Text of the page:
MOSCOW, JUNE 9 -- Boris Yeltsin, the newly elected president of the Russian republic, pledged in an interview broadcast today to pursue economic reforms that would not lower living standards and said he would appeal to voters if conservatives blocked his plan.

Yeltsin called for a grace period of two to three years to rescue the stricken economy of the Soviet Union's largest republic and specifically appealed to discontented coal miners not to stage a strike that could cause a "conflagration."

Yeltsin, a vocal opponent of Soviet President Mikhail Gorbachev, criticized the national government's five-year plan to establish a market-based economy involving steep price increases for food and other goods.

"That is the fundamental difference. In their program everything is heaped on the shoulders of the people, while in ours that is not the case," he said in the television interview.

"By using different economic levers we can ensure that people's standards of living do not fall and indeed should rise in time."

But he said the predominantly conservative congress of the Russian republic, by far the largest and most influential of the 15 Soviet republics, was "unstable" and could complicate the introduction of radical changes.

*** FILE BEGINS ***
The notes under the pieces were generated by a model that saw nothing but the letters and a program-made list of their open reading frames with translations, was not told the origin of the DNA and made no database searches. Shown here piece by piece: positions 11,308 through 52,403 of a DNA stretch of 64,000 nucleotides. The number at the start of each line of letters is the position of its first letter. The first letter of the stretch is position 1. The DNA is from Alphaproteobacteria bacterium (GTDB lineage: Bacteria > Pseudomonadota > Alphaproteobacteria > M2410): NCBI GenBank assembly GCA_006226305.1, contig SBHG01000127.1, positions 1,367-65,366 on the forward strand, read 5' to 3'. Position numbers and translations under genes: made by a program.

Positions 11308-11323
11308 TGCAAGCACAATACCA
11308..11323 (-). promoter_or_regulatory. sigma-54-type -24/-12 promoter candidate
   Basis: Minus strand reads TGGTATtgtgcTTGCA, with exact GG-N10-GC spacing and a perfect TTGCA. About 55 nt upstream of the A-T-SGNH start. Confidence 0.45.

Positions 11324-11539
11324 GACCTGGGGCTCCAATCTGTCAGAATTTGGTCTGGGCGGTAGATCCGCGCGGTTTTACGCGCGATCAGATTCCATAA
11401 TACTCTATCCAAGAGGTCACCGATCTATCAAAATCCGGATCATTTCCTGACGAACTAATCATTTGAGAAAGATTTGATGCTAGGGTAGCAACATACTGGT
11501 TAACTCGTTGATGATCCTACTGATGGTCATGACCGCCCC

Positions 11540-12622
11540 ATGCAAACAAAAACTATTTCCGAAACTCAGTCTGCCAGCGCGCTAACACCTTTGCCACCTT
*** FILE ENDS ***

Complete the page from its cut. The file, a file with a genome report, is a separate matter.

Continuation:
"If there is ever a critical point where understanding cannot be reached, then I will go to the people," Yeltsin said.

Yeltsin, elected president of the Russian republic two weeks ago despite a campaign by Gorbachev in favor of his opponent, dismissed claims that he had no specific economic program.

"We need two years to stabilize the situation and in the third we will see some improvement," Yeltsin said. "But this unquestionably depends on your own desire to create the local conditions necessary for the program to be implemented. I would simply ask you to make this grace period clear and to trust us."

The government program, presented to the Soviet legislature last month by Prime Minister Nikolai Ryzhkov, has come under fierce criticism.

The proposed price increases, including a phased threefold rise in bread prices beginning next month, sparked panic buying in Moscow and other cities. The plan is due to be reexamined by Soviet deputies next week and changes are widely expected.

Yeltsin urged coal miners, who staged a national strike last year, to show restraint despite general recognition that an agreement to improve their living and working conditions had not been fulfilled.

"They should now nevertheless refrain from anything that would destabilize the situation in the Russian Federation even more," he said. "It is so tense now that any spark, any rash action anywhere or even a rash word, could create quite simply a conflagration."

Miners from the Arctic coalfield of Vorkuta were shown on television saying a strike could be called at a meeting scheduled for Sunday.